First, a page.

In 1881, Francis Ysidro Edgeworth attempted to provide a solid psychological basis for utility measurement. I will show that Edgeworth’s main struggle was to provide a possible measurement scale for a feeling—pleasure—using some kind of physical magnitude that would have allowed both intra and interpersonal comparisons, thus justifying the use of mathematical techniques to answer welfare issues. Edgeworth found inspiration in a similar quest, the invention of temperature, which had permitted the transformation of a feeling, “coldness,” into a physical quantity, temperature. Edgeworth faced two kinds of criticisms: concerning the use of psychological notions in economics and concerning the nature of utility itself. Both criticisms were also stated in terms of the thermodynamic metaphor, and the thermometer analogy played a major role in the exchanges. Following those criticisms and his own analysis, Edgeworth would move from a ratio to an ordinal understanding of utility, despite never abandoning the idea that economics should be psychologically grounded.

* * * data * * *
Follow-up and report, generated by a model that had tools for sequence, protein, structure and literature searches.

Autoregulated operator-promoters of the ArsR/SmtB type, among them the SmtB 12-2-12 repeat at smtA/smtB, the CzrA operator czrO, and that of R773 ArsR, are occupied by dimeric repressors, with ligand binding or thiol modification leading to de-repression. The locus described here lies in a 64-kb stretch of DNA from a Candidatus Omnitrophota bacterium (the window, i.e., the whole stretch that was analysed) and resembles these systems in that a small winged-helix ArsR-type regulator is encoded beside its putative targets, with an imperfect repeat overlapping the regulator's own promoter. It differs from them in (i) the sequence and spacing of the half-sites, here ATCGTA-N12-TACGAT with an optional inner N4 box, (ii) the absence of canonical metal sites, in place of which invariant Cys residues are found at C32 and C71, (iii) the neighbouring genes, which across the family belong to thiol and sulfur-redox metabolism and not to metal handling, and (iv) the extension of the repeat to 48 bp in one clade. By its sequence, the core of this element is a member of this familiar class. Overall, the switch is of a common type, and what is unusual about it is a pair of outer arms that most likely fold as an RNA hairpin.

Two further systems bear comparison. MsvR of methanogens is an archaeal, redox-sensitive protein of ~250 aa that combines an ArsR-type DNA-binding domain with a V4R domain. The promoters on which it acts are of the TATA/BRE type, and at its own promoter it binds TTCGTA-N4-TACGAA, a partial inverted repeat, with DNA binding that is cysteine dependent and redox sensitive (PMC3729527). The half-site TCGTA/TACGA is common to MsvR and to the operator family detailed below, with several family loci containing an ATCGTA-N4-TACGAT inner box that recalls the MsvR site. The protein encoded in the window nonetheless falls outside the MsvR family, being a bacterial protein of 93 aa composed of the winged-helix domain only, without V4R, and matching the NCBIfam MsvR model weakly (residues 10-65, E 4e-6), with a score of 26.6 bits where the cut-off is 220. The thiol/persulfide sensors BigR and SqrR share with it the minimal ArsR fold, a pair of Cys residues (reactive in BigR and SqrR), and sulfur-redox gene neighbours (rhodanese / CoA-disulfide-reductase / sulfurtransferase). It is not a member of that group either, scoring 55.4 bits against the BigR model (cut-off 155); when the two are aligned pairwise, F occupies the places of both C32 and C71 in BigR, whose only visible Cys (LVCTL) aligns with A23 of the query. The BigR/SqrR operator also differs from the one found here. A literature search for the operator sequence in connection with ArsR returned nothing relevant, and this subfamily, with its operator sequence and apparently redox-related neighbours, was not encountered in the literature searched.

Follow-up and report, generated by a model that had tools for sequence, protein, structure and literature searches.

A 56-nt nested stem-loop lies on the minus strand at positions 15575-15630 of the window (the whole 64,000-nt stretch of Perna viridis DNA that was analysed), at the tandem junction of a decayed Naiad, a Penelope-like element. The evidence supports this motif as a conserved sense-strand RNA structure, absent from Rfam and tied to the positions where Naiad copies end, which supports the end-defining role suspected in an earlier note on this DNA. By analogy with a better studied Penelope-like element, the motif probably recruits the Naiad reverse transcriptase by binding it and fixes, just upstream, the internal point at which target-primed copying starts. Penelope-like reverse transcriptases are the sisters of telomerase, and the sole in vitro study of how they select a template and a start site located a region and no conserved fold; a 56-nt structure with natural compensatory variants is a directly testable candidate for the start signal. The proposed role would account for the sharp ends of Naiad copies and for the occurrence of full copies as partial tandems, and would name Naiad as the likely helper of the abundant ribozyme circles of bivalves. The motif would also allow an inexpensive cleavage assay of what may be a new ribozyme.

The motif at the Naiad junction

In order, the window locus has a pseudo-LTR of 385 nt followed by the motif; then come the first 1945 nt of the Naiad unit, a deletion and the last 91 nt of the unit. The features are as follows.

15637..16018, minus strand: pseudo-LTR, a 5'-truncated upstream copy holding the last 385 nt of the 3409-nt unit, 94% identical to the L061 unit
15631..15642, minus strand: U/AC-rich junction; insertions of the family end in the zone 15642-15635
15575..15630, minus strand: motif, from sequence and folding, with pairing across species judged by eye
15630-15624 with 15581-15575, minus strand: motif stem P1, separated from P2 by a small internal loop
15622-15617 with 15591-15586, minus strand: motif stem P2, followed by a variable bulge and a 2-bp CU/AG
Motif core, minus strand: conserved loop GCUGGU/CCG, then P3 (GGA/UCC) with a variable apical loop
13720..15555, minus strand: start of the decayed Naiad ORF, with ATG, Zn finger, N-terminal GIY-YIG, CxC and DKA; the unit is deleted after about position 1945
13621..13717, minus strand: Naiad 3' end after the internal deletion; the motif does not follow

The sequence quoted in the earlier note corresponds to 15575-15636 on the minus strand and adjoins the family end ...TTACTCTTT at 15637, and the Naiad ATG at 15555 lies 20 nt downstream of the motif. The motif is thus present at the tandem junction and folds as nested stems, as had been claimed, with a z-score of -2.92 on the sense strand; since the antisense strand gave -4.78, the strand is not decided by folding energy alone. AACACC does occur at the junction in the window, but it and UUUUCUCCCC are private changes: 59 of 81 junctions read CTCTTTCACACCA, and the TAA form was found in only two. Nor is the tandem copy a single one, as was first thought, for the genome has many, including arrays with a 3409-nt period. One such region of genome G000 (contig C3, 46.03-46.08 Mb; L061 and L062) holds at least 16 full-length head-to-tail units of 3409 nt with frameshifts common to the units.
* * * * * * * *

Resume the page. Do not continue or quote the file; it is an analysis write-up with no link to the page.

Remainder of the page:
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Research Article| August 01 2020
The Temperature of the Brain: Edgeworth’s Thermodynamic Analogies of Utility Measurement
Thomas Michael Mueller
History of Political Economy (2020) 52 (4): 709–740.
Thomas Michael Mueller; The Temperature of the Brain: Edgeworth’s Thermodynamic Analogies of Utility Measurement. History of Political Economy 1 August 2020; 52 (4): 709–740. doi: https://doi.org/10.1215/00182702-8604009
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